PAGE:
New science standards may help narrow skills gap


By Patricia Daddona, Providence Business News Staff Writer

Providence, RI—November 25, 2013—Educators from the R.I. Department of Education recently completed a “road show” on what next-generation science standards will look like in the classroom when they are implemented over the next three years.

The information sessions, which began Oct. 1 and ended earlier this month, weren’t heavily attended but are part of a long-term plan to get the word out before curriculums are revamped by the 2016-17 academic year.

The new standards are intended to overlap with Common Core teachings in math, reading and writing (the English Language Arts) and to be used to guide an updated curriculum, and more importantly, a new way of teaching that better prepares students to enter the workforce, said Peter McLaren, a RIDE science and technology specialist, and Diane Sanna, curriculum director at the Tiverton public schools.

“What we’re looking for over the K-12 spectrum is for students to think and act like scientists, not necessarily to produce scientists and engineers, but to think differently,” said McLaren. “In Rhode Island and any state that adopts these standards, students are going to be better prepared to go from a K-12 environment into the workforce.”

The framework for the scope of study being developed by teachers here and elsewhere across the country is informed by guidelines put forward by the National Research Council in 2011. The vision behind the standards, which is supported by research in the 412-page document, is for every student by the end of their K-12 experience to be engaged in the science and engineering practices and be able to apply them to the core ideas of science and engineering, McLaren said.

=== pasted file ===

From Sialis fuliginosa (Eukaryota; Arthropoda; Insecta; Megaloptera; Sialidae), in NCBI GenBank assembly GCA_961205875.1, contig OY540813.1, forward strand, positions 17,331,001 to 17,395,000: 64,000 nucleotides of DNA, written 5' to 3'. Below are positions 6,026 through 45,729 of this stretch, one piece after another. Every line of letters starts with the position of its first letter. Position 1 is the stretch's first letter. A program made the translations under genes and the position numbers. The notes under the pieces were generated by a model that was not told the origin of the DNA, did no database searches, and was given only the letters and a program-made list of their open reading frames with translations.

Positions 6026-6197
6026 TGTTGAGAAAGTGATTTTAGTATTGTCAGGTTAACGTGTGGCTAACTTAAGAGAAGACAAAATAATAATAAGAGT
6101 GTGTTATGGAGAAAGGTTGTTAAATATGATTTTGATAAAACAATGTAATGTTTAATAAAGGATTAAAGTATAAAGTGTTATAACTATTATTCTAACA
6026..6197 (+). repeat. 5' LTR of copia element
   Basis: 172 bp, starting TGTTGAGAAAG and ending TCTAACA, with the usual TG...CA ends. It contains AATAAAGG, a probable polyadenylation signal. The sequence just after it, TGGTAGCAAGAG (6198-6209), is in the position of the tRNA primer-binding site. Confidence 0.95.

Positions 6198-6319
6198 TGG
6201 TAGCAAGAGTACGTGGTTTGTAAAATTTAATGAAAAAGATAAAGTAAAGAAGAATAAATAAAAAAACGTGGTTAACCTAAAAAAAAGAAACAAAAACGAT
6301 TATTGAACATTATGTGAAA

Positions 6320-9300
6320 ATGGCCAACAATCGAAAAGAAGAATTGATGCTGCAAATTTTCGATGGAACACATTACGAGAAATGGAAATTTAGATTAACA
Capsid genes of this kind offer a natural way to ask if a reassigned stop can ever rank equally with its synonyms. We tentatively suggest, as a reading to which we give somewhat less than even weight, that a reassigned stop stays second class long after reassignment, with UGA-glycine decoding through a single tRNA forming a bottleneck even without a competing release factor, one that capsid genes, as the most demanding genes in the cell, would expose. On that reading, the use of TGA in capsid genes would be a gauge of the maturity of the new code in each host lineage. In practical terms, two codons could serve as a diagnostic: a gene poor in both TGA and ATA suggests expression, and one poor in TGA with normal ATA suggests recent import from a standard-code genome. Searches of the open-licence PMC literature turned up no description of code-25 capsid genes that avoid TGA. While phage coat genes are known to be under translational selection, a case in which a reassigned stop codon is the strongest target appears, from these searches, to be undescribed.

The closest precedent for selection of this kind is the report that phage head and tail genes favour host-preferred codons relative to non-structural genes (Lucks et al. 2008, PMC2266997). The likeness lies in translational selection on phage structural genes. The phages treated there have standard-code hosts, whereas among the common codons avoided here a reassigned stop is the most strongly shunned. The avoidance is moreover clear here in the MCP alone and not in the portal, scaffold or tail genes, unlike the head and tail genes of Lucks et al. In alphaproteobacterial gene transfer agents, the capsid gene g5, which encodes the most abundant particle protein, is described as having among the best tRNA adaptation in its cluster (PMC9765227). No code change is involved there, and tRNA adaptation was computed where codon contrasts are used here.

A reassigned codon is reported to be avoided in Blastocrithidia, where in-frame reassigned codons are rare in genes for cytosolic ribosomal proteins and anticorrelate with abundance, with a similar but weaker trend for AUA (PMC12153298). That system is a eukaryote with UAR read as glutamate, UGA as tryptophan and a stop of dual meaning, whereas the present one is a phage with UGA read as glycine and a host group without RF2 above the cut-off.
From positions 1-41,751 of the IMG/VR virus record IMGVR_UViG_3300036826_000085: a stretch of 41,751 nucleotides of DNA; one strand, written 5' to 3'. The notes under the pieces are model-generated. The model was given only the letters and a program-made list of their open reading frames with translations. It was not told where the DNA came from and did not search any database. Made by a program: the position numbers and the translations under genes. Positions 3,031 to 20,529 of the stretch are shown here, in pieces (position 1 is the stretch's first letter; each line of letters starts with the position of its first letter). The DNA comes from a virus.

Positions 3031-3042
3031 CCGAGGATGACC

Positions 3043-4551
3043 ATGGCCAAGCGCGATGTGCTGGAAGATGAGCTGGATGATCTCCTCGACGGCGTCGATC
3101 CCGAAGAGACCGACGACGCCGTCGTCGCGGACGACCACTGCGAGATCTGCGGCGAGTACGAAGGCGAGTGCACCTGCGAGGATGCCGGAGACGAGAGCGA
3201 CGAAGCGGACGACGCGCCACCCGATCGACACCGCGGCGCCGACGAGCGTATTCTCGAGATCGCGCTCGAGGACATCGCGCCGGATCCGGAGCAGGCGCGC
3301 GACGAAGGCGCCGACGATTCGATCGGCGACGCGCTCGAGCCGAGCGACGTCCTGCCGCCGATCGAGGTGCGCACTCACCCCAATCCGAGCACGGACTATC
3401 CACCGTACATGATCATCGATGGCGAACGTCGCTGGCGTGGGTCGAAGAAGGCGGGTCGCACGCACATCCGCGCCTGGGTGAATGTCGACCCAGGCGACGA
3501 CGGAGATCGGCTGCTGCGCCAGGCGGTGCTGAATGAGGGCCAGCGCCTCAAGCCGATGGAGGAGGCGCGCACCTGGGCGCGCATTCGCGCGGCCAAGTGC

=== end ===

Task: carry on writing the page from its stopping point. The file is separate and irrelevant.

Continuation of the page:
Rhode Island was one of 26 lead states partnering in the development of these standards this past spring, and one of eight states that have formally adopted them. The standards cover a range of subject matter, including life science, earth and space science, physical science, engineering and technology. The seven other states are California, Delaware, Kansas, Maryland, Vermont, Kentucky and Washington.

Sanna’s school district is one of eight in Rhode Island that are already undertaking professional development and revising the framework for their curriculums. The others are Bristol-Warren, Woonsocket, Cumberland, Central Falls, Cranston and two charter-school districts, the Trinity Academy for the Performing Arts and Beacon Charter in Woonsocket.

When these districts redesign the scope and sequence of units of study, those approaches are going to be transparent models that all districts can use as a starting point, McLaren said. By the end of this year, RIDE will put them in an online portal so educators in the state can access them. “There are shifts in content,” Sanna said.

“There’s a lot more focus in physical science and engineering integrated throughout science instruction. The typical science teacher does not have a lot of training in engineering.”

The outdated teaching model would have a teacher standing behind a desk, writing on a white board while students read text or take notes, or teaching a science lab by giving step-by-step instructions. The new model will be more interactive, and the emphasis will be on students taking the initiative to ask questions, form arguments verbally or in writing, and problem-solve, McLaren and Sanna said.

“This is more about students asking questions and developing solutions to real-world problems,” Sanna said. “It prepares them for the work-world better, for the skills and practices they’ll need for colleges and career.”

Read the PBN article here.